Nobody Wants To Go to the West Wing

U.S. President Donald Trump is continuing his search for a chief of staff.* Nick Ayers has officially turned down the job. The sudden refusal illustrates the position’s loss of status and the extent of the chaos under Trump.

Confidential conversations had been underway for months, and the press release about the personnel matter was already prepared. The candidate for the job, however, abruptly called a halt on Sunday afternoon. “Thank you @realDonaldTrump, @VP, and my great colleagues for the honor to serve our Nation at The White House. I will be departing at the end of the year,” tweeted Nick Ayers. Since then, the field is completely open as to who will lead the operation of the U.S. government as chief of staff and keep the unpredictable president in check.*

The sudden refusal of the 36-year-old Ayers illustrates the position’s loss of status and the extent of the chaos under Trump. The president parted company with his first chief of staff, Reince Priebus, after a few months. Last week, he gave Gen. John Kelly, a retired four-star general, his marching orders. He made fun of both of them and humiliated them. Under Trump, “a job that was once a ticket to Washington royalty has recently become a laughingstock,” reported Politico, judging that coordination of the West Wing with the capricious narcissist in the Oval Office has become “Mission Impossible.”

Officially, the reason for Ayers’ refusal is his family situation. The millionaire has six-year-old triplets and wants to return to his family in Georgia. According to U.S. media reports, he had offered to take the job as chief of staff on an interim basis until spring. That also suggests a political motive: Ayers is reportedly considering running for governor of Georgia.

“I am in the process of interviewing some really great people for the position of White House Chief of Staff,” Trump tried to gloss over his humiliation on Twitter. “I will be making a decision soon!”*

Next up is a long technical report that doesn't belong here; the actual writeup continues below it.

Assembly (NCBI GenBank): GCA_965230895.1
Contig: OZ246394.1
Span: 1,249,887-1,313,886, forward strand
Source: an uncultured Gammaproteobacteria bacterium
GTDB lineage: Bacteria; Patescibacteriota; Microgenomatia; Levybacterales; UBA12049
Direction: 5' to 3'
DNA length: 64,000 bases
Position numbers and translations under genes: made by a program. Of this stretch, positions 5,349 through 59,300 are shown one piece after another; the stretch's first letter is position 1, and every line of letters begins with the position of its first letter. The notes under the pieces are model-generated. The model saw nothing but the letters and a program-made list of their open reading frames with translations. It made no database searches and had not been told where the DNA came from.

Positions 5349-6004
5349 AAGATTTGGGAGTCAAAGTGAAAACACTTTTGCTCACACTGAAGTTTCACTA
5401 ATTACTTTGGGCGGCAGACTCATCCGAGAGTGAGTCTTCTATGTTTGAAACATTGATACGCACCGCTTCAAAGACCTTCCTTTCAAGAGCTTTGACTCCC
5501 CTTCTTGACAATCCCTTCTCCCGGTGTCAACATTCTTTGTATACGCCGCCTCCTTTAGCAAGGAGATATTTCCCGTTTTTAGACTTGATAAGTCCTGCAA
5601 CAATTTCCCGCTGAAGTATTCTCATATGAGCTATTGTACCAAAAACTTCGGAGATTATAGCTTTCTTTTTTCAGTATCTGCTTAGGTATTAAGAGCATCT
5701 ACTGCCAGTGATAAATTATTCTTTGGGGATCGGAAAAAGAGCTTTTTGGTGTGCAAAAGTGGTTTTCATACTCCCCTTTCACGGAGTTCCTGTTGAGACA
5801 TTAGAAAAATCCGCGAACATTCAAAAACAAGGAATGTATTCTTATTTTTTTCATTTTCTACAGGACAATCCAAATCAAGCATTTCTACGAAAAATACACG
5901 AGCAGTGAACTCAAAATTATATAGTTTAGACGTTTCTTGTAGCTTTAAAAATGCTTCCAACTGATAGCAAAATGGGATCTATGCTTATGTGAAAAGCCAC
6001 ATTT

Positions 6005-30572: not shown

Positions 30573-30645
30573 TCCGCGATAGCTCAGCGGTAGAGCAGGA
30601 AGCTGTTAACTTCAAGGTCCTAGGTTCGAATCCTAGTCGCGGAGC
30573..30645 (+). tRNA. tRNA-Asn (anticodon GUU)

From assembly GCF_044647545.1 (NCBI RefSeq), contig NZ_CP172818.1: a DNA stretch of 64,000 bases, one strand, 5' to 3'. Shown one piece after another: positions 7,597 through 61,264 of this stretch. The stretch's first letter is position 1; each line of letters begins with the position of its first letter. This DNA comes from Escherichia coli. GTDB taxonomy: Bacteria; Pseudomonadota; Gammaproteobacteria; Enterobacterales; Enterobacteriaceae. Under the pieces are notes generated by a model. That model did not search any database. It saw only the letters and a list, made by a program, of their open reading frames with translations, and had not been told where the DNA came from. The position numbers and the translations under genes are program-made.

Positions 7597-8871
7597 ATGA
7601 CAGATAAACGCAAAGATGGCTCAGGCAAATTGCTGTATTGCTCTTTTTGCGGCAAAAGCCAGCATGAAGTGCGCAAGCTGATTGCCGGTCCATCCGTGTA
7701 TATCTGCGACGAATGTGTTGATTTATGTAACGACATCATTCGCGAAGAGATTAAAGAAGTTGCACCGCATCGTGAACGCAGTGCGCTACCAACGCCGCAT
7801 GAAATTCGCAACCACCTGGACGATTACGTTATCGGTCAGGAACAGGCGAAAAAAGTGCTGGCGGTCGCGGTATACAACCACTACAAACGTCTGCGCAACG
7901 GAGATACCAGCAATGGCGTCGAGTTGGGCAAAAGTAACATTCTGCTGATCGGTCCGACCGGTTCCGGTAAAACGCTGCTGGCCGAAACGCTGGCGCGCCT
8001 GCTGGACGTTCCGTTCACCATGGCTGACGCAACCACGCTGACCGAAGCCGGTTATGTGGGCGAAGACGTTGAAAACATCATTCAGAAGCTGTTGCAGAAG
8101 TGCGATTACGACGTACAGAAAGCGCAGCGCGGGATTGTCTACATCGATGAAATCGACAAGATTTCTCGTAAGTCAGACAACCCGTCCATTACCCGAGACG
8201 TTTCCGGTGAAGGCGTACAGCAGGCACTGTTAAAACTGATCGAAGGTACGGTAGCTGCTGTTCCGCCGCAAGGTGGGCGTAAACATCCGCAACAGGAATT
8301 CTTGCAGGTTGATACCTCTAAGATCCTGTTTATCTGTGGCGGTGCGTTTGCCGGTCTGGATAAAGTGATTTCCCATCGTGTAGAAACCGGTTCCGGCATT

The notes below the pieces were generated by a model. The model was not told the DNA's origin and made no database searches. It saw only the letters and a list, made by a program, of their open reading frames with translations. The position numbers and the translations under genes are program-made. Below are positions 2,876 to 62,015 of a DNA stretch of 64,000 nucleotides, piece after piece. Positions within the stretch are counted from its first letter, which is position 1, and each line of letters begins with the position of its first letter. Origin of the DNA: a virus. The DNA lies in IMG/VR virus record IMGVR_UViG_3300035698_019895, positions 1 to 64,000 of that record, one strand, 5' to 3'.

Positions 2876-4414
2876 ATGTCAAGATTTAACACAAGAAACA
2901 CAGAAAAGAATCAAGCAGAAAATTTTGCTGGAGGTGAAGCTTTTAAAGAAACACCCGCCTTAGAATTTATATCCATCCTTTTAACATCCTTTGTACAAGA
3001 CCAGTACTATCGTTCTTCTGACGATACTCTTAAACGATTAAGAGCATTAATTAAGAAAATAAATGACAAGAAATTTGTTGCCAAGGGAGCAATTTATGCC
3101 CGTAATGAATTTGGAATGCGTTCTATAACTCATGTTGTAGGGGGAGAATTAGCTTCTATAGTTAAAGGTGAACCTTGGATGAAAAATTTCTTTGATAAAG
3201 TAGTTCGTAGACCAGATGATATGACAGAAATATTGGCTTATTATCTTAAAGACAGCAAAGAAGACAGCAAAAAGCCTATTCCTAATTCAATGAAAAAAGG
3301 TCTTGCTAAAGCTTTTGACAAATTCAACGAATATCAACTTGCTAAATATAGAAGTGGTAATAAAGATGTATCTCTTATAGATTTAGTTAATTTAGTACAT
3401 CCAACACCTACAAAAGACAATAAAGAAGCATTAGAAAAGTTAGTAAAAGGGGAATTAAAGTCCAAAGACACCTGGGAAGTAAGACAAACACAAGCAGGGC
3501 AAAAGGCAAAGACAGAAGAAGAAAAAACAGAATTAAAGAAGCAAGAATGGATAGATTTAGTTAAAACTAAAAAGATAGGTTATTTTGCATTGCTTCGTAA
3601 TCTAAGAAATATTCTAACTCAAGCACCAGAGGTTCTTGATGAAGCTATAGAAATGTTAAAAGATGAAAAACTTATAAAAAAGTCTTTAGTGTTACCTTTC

Not Many Are Available

There is no lack of challenges for the new man. (A woman does not appear to be in the running.) Governing will be considerably more complicated with a Democratic majority in the House of Representatives, faltering stock markets, and an imminent showdown in the Russia investigation. In light of Trump’s shady dealings, the chief of staff would also step into legal risk. That might explain why the number of applicants is negligible: Mick Mulvaney, director of the Office of Management and Budget, and Treasury Secretary Steven Mnuchin, have reportedly already expressed thanks, but signaled refusal.* Similarly mentioned is United States Trade Representative Robert Lighthizer, who is most likely considered indispensable in his current post.

Speculation is currently circulating about Rep. Mark Meadows, leader of the ultraconservative “Freedom Caucus” in the Republican Party. With the hard-liners for whom Trump’s health care reform was not radical enough, the U.S. government would move even further to the right.

*Editor’s note: President Trump selected his current budget director, Mick Mulvaney, to serve as acting White House chief of staff on Dec. 14, 2018. This commentary was written before the announcement, but the editors feel the opinion is still relevant.

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